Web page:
What Is the Minimum Wage in New Mexico?
With a few exceptions, the minimum wage for much of New Mexico is $7.50 per hour. This is $.25 over the rate that the federal minimum wage law mandates. Employers and employees alike may also want to know that several cities throughout New Mexico pay higher wages than $7.50.
Additionally, in 2019, New Mexico passed Senate Bill 437 — which will increase the state minimum wage to $12 per hour by 2022. Knowing how much an employee should be making in New Mexico is necessary for the fair pay of New Mexico residents.
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2019 Minimum Wage in New Mexico: $7.50 per hour
Although some cities and counties have set a higher rate, the state minimum wage for New Mexico is $7.50. There are, however, exemptions and special circumstances particular to minimum wage law. Certain employees such as workers who make tips, those who work overtime, and people who are paid on salary are just a few people who may see differences in their paycheck, even if they’re all paid minimum wage. By calculating weekly and annual pay, New Mexico employees can understand how their wages may fluctuate according to these circumstances.
Tipped: $7.50 per hour
New Mexico employers can deduct a tip credit of $5.37 from tipped employees’ hourly minimum wage. This means that an employer can pay a $2.13 ($7.50 – $5.37) hourly wage to their employees — if the employee makes enough tips to equal, or surpass, the required minimum wage of $7.50 per hour. A worker is considered a tipped employee by the state of New Mexico if they make $30 or more in tips during their regular duties in a month.
Tipped employees in NM may also enter into a tip pool, in which “employees chip in a portion of their tips, which are then divided among a group of employees.” Tip pools are only for employees who regularly earn tips and may not be accessed by managers or supervisors.
Weekly: $300.00 per week
Employees of New Mexico will earn $300 ($7.50 x 40) in a standard, 40-hour workweek. This weekly total does not factor in state and federal tax deductions, sick days, or unpaid time off, which will likely lower this total. This weekly income may be higher if you work overtime, or if an employer offers holiday pay — which may include overtime as well.
Annually: $15,600.00 per year
If a worker makes an estimated $300 per week, and there are 52 weeks in a year, then that employee will make $15,600 ($300 x 52) a year on minimum wage in New Mexico. As with your weekly total, this calculation does not include state and federal tax deductions, overtime, and/or holiday pay.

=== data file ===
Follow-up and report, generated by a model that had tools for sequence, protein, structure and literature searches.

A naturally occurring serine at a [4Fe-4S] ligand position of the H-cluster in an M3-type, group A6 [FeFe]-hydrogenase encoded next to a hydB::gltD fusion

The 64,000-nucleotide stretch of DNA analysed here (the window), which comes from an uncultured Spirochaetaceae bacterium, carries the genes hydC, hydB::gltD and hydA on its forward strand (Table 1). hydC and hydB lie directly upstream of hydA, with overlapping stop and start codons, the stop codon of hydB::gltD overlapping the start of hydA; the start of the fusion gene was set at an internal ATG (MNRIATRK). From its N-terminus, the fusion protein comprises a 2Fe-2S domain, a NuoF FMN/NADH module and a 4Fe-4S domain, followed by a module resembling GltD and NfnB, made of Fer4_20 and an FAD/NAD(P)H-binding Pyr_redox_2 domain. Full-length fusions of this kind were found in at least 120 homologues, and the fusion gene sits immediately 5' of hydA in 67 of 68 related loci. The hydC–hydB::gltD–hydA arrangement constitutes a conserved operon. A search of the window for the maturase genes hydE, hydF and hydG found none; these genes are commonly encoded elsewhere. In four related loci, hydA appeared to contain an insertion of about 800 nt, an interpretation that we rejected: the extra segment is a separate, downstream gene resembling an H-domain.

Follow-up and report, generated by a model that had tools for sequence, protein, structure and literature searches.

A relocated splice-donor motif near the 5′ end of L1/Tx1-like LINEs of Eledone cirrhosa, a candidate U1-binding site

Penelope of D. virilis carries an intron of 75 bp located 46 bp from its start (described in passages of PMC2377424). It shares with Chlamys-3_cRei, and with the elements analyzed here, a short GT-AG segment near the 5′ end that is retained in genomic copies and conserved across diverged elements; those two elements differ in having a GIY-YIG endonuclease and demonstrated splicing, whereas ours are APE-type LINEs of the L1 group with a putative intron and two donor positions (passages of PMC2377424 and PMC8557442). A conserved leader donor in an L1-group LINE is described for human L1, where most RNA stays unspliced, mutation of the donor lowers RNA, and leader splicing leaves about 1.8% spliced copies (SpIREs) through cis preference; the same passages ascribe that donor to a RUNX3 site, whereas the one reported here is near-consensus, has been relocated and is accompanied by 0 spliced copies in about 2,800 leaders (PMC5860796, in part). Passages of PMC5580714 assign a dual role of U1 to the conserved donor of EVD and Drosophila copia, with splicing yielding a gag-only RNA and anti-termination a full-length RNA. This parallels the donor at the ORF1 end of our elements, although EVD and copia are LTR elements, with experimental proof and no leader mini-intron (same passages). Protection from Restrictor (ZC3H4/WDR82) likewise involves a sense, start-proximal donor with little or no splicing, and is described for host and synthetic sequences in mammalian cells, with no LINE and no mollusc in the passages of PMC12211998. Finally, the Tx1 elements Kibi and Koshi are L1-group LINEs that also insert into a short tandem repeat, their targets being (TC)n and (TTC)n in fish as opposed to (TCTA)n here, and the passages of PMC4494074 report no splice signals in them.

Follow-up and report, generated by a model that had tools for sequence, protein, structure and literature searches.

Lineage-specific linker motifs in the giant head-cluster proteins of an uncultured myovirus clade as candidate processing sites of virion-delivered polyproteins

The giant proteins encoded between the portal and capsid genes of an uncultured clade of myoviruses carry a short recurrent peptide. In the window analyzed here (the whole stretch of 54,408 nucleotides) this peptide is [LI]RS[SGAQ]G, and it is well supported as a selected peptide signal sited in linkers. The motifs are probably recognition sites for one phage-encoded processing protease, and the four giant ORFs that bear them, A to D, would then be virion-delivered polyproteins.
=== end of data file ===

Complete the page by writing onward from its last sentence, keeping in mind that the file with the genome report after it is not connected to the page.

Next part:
Overtime: $11.25 per hour
Unless specifically exempted, employees covered by the FLSA must receive overtime pay for any hours worked above the 40-hour-per-week standard. New Mexico employees are covered by the Fair Labor Standards Act (FLSA), which establishes an overtime pay of time-and-a-half. This means that for every hour you work over the standard 40 hours, you will earn your normal minimum wage ($7.50) plus half ($3.75) — which will equal $11.25 per overtime hour.
Other Wages Paid in New Mexico
As mentioned above, there are cities, counties, and municipalities that pay different wages within New Mexico. These locations and minimum wages include:
- Albuquerque: $9.20 per hour. $8.20 per hour with healthcare benefits. Tipped employees will earn $5.50 per hour.
- Santa Fe: $11.80 per hour.
- Santa Fe County: $11.80. Tipped employees will earn $3.53 per hour.
- Bernalillo County: $9.05 per hour.
- Las Cruces: $10.10 per hour. Tipped employees will earn $4.04 per hour.
New Mexico Minimum Wage Increase News
Legislation has been passed to increase the New Mexico state minimum wage to $12 per hour incrementally by 2022. Sarah Hyde, the research and policy analyst of this legislation, states that “This achievable policy reform will vastly improve the state’s overall well-being and give families, children, older adults, people of color, and women more opportunities to thrive.”
This minimum wage increase comes from observing the municipalities above, and how their increase in wages has benefitted the families of local communities. The increase is said to affect nearly 20 percent of the New Mexico workforce and add an estimated $205 million to the paychecks of New Mexican workers, or $833 per individual worker.
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Desmond Rhodes is a writer out of the Northwest. A philosopher, gamer, and enjoys his Hunter S. Thompson.
This post was updated July 3, 2019. It was originally published July 3, 2019.